Is there such a thing as an M-JPEG analyzer? We are using 22 CellStack codecs for audio and video, both for conferencing and streaming to Time Warner Cable. This is over an ATM (Cisco) network.
Orange County Broadcast Systems Engineer
Eric Hodges, Americas Marketing Manager, Tektronix Test & Measurement, provided an answer to the question.
The answer to this question depends somewhat upon what type of analysis is desired. I'll address the two primary possibilities with the answer:
If you want to assess the impact Motion JPEG compression has upon your content quality, then yes, there are tools available to perform this type of analysis. For example, a reference-based tool such as the Tektronix PQA300 would be capable of comparing the original content (either serial digital or composite analog) with the resultant content (post-compression/decompression) and providing measurements that indicate both perceptible changes in quality (based upon the human vision model) and changes in content on a bit-by-bit basis. Even single-ended picture-quality tools would be capable of providing information on the impact to your content quality, as long as they include the capability to monitor for Discrete Cosine Transform-based errors, since M-JPEG does use DCT as part of its compression process. The PQM300 would be an example of such a tool.
If your intent is to analyze the actual protocol of M-JPEG, your task is more difficult, since I am unaware of any tools available to do this type of analysis. At Tektronix, our focus is on MPEG and its complementary standards (DVB, ATSC, ISDB), since they are the primary compression standards of the professional broadcast world.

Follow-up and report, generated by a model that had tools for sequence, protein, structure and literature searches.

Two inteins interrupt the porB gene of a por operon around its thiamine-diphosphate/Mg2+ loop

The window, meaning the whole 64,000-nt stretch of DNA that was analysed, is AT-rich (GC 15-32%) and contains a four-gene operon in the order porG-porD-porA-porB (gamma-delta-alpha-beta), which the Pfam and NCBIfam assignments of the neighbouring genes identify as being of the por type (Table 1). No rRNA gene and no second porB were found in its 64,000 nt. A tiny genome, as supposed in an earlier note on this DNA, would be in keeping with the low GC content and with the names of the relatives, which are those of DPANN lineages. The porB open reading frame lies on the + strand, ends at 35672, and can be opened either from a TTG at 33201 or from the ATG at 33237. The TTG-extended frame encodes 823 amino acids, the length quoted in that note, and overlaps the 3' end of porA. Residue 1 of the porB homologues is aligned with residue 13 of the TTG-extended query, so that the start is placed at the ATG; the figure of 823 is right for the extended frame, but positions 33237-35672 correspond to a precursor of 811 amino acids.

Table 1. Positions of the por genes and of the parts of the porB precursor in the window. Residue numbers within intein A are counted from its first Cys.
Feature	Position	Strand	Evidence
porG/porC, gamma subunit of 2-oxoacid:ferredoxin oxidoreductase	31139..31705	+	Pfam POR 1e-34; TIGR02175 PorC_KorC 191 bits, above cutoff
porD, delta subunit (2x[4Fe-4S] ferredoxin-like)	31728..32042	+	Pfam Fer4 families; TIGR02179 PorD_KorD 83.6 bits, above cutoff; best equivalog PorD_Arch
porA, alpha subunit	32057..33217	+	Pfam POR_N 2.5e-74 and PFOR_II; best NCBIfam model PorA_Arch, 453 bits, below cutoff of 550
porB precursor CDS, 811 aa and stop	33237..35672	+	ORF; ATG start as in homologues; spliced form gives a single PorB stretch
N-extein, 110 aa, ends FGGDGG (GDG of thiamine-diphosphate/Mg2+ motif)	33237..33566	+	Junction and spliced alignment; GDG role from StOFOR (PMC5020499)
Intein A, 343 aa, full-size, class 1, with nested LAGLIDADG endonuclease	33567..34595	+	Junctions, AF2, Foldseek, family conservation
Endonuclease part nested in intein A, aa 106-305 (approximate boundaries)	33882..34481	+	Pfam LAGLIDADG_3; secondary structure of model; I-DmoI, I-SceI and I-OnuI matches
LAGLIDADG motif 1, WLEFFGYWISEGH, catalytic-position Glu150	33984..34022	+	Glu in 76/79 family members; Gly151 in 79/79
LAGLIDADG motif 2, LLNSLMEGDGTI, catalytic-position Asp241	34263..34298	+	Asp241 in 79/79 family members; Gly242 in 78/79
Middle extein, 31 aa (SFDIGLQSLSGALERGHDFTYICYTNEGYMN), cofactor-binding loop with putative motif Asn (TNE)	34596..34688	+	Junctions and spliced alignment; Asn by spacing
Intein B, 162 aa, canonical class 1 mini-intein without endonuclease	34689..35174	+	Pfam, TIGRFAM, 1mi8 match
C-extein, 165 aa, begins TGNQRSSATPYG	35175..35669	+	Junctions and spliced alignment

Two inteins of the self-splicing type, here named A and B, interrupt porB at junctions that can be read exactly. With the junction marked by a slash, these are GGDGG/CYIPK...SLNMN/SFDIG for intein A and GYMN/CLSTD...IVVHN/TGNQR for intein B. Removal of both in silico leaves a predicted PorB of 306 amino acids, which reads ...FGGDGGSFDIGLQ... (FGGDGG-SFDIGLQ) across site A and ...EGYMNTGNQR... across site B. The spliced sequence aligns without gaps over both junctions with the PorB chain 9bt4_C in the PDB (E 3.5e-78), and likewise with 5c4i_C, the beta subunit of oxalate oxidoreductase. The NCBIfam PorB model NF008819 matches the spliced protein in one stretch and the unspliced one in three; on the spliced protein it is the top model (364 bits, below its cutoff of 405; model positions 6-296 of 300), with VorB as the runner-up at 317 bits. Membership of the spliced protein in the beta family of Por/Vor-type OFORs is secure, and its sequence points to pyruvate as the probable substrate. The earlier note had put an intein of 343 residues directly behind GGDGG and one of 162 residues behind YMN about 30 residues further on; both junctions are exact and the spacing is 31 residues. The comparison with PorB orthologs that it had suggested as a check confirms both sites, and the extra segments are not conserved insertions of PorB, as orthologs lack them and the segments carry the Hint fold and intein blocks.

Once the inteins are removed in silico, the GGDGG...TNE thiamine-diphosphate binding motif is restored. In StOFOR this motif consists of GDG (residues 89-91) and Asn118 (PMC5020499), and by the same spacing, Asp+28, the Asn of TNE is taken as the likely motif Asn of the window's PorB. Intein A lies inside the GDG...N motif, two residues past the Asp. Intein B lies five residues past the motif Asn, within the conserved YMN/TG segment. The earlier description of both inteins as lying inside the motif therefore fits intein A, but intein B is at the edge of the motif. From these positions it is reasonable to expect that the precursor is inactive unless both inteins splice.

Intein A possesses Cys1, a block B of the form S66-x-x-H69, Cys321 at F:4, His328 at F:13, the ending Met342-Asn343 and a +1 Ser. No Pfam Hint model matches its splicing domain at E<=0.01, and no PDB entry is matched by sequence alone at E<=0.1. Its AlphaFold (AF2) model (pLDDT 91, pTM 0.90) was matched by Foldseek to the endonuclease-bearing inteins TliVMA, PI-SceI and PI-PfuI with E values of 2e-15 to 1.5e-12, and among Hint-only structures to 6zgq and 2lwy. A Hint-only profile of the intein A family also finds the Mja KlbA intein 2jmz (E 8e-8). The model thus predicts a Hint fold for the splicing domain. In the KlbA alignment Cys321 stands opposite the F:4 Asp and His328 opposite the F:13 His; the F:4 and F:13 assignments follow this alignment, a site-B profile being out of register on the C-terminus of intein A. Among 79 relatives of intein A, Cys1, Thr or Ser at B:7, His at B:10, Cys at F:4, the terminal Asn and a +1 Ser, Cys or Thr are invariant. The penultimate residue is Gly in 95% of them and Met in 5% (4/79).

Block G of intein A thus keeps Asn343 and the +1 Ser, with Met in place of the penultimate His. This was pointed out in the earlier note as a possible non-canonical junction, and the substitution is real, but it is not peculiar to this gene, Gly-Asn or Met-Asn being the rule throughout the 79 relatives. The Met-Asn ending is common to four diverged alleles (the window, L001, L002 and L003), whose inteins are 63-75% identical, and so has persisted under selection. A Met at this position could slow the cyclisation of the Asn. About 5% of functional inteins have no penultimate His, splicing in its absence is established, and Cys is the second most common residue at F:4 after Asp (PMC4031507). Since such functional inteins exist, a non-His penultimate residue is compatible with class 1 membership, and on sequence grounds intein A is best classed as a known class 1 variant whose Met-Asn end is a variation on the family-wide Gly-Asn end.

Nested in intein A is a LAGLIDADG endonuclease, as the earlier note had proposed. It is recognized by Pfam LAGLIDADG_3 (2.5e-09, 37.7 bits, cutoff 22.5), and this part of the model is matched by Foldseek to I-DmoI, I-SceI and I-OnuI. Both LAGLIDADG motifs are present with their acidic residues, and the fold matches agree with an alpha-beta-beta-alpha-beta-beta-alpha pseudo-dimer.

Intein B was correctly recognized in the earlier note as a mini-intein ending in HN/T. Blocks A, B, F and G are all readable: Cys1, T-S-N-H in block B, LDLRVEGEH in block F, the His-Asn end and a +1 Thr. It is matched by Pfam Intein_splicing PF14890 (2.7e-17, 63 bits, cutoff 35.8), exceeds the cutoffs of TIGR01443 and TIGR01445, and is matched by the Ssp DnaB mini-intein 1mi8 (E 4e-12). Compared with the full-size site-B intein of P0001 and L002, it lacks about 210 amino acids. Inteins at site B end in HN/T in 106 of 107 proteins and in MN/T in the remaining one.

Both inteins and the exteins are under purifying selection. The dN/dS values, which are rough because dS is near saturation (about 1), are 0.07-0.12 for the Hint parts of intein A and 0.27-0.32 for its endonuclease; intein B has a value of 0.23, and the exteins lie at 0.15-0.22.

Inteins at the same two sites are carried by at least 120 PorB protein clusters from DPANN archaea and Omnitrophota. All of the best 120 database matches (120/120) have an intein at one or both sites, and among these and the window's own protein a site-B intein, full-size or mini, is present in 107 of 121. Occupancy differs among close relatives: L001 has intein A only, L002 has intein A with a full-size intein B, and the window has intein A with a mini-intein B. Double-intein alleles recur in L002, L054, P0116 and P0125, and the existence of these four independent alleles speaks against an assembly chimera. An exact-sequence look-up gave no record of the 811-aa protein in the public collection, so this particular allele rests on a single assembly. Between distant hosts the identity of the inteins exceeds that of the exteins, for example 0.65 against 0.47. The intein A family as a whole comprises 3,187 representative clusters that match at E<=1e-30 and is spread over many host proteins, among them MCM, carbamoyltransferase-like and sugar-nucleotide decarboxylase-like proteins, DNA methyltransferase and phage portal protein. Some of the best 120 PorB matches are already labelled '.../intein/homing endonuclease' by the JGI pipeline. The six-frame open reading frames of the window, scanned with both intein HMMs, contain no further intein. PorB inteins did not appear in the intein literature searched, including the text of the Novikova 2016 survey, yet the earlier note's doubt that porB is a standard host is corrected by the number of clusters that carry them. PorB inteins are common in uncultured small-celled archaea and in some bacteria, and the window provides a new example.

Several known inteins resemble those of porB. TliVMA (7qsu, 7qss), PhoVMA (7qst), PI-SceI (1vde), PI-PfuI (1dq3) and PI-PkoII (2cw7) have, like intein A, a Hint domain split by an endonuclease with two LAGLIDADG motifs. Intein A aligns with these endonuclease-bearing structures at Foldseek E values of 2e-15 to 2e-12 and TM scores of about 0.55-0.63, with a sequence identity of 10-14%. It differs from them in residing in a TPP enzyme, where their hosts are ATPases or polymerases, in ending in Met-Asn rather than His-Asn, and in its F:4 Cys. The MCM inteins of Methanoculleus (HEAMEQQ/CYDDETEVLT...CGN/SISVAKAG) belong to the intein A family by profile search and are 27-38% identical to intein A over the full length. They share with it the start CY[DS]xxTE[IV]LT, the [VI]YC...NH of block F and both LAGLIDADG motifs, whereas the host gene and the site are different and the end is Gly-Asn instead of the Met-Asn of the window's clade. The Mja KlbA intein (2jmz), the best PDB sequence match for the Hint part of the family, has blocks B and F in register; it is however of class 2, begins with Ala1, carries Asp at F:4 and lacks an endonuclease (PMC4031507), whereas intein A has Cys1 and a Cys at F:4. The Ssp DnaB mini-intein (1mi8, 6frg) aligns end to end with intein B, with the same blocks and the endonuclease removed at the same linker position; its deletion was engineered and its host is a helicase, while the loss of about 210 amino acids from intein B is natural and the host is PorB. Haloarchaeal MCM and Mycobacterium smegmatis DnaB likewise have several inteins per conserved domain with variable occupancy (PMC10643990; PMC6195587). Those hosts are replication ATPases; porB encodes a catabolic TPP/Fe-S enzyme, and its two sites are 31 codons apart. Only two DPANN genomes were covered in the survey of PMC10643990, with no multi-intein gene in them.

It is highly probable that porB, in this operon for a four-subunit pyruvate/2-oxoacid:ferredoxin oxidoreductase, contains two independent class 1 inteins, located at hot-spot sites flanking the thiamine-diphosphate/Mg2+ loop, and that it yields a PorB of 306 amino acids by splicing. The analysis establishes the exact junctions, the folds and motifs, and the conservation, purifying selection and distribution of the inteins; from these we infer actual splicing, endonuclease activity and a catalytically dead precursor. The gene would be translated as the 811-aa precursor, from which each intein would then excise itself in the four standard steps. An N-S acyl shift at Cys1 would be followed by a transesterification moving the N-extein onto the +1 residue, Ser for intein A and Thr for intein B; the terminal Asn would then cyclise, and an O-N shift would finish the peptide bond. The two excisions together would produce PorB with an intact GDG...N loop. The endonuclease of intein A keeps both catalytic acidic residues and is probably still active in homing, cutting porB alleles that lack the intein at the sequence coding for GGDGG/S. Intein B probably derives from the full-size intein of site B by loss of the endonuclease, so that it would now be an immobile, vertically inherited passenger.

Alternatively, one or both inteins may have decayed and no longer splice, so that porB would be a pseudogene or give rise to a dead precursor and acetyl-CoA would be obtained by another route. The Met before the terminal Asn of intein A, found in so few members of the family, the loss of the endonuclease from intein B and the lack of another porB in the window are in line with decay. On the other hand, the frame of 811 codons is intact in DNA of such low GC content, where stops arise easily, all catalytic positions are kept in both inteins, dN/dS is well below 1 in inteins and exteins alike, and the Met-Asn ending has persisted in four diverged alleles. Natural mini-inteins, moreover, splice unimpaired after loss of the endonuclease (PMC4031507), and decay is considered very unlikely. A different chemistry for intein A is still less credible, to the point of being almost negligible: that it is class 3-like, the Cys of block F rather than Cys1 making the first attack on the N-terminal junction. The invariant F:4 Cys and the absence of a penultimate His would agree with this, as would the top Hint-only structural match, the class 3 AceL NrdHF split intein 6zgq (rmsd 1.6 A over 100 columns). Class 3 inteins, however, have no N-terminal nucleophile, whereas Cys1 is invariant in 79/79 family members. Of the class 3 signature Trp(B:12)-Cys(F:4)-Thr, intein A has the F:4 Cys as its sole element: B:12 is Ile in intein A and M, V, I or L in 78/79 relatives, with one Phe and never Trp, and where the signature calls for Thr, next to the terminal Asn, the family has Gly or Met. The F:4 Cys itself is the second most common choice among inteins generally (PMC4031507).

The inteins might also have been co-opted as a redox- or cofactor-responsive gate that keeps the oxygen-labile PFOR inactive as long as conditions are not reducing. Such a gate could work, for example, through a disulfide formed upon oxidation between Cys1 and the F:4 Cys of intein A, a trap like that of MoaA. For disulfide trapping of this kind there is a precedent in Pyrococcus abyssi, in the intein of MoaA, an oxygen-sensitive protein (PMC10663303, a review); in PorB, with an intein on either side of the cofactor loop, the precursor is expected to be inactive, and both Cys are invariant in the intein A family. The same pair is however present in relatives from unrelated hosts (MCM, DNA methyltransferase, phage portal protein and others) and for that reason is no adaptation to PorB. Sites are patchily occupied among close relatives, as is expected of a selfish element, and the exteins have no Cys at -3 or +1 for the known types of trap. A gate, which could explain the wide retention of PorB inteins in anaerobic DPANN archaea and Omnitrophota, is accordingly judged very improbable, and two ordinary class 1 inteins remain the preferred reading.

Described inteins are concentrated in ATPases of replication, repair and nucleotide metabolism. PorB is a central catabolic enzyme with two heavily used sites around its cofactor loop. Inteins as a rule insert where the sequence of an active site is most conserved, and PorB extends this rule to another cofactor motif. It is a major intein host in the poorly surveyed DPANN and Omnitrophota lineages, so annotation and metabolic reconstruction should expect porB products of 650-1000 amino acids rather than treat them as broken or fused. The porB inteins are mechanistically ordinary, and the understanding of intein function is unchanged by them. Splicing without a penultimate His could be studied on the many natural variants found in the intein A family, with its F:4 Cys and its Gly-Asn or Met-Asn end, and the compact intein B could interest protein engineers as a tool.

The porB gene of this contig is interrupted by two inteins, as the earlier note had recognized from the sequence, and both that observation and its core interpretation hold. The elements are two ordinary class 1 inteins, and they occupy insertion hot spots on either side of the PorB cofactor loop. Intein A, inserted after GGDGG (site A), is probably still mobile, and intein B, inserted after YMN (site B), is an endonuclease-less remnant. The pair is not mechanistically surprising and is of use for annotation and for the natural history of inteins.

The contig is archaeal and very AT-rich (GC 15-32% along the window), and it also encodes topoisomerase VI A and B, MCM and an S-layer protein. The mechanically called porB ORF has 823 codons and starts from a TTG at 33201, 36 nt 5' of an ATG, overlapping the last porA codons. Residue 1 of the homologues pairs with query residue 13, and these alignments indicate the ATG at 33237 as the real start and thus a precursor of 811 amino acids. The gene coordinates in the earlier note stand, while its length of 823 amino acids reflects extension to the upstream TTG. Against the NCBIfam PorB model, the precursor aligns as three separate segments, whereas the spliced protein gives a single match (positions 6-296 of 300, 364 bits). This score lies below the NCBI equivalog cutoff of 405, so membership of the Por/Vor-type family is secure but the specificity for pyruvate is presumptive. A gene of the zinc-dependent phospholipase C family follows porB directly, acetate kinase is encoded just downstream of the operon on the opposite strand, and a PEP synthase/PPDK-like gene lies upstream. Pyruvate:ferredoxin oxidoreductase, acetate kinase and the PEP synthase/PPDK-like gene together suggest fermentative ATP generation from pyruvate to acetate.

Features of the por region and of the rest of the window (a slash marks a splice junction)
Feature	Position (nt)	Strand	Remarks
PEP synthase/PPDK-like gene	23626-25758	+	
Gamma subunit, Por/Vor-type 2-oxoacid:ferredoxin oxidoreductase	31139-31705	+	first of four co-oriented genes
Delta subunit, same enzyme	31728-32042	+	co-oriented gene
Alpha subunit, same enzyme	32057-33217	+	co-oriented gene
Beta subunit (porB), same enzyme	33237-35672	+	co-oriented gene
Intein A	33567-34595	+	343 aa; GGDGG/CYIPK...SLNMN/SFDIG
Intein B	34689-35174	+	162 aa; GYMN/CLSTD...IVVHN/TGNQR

More comments on the August editorial, Could dead birds derail DTV?
Never saw one….
In all my 34 years in broadcast television, I have never, and I mean never, seen a dead bird under or even near a broadcast tower — let alone seen one hit a tower or guy wire. I won't say this never happens, just that I have never seen it happen. I did hit a bird the other day with my car — don't tell anyone because I live 17 miles from the station and don't want to walk.
WSYT Television 68
Regarding the editorial “Could dead birds derail DTV?” I was dismayed to read that ornithological groups are petitioning the FCC to deny 40 tower applications until the FCC conducts environmental studies. How long will that be? I feel that this request is unreasonable, as are requests to remove tower lighting, to severely limit tower height and locate towers in the middle of nowhere. Towers are being singled out unfairly for their role in bird deaths. Many birds perish from colliding with high-rise buildings, power lines and automobiles, but these objects are not being contested.
Based on what is currently known, lighted towers and corresponding guy wires appear to pose a threat to birds on overcast nights. Unlit towers over a certain height pose a threat to aircraft on clear and on overcast nights. Bird lovers suggest removing tower lighting. The FAA will never approve this plan. Although I found the content at www.towerkill.com worrying, my concern for birds was tempered by a picture at www.towersafe.com depicting a passenger aircraft about to collide with an unlit tower. In my Internet search, I also found a cleverly named bird organization called FLAP (Fatal Light Awareness Program) at www.flap.org. “Tower kill” of birds is unfortunate, but protection of human life through tower lighting needs to take precedence.
I think that the tower industry should pursue the goal of making towers as harmless to birds as possible, without compromising tower function or human safety. When thorough research finds the exact causes of bird-tower collisions, and reasonable solutions are created, steps should be taken to make towers safer for birds. Until that time, new towers should not be denied or delayed, and existing towers should not be modified because of birds.
The EPA staff is well-trained
…and then there was the sweet young lady just out of college a year or two who was performing phase one EPA studies on selected tower sites for a new owner of our properties. She told me with a very straight face that the purpose of those red lights was to “keep birds from running into towers.”
Name withheld to protect the innocent from EPA reprisals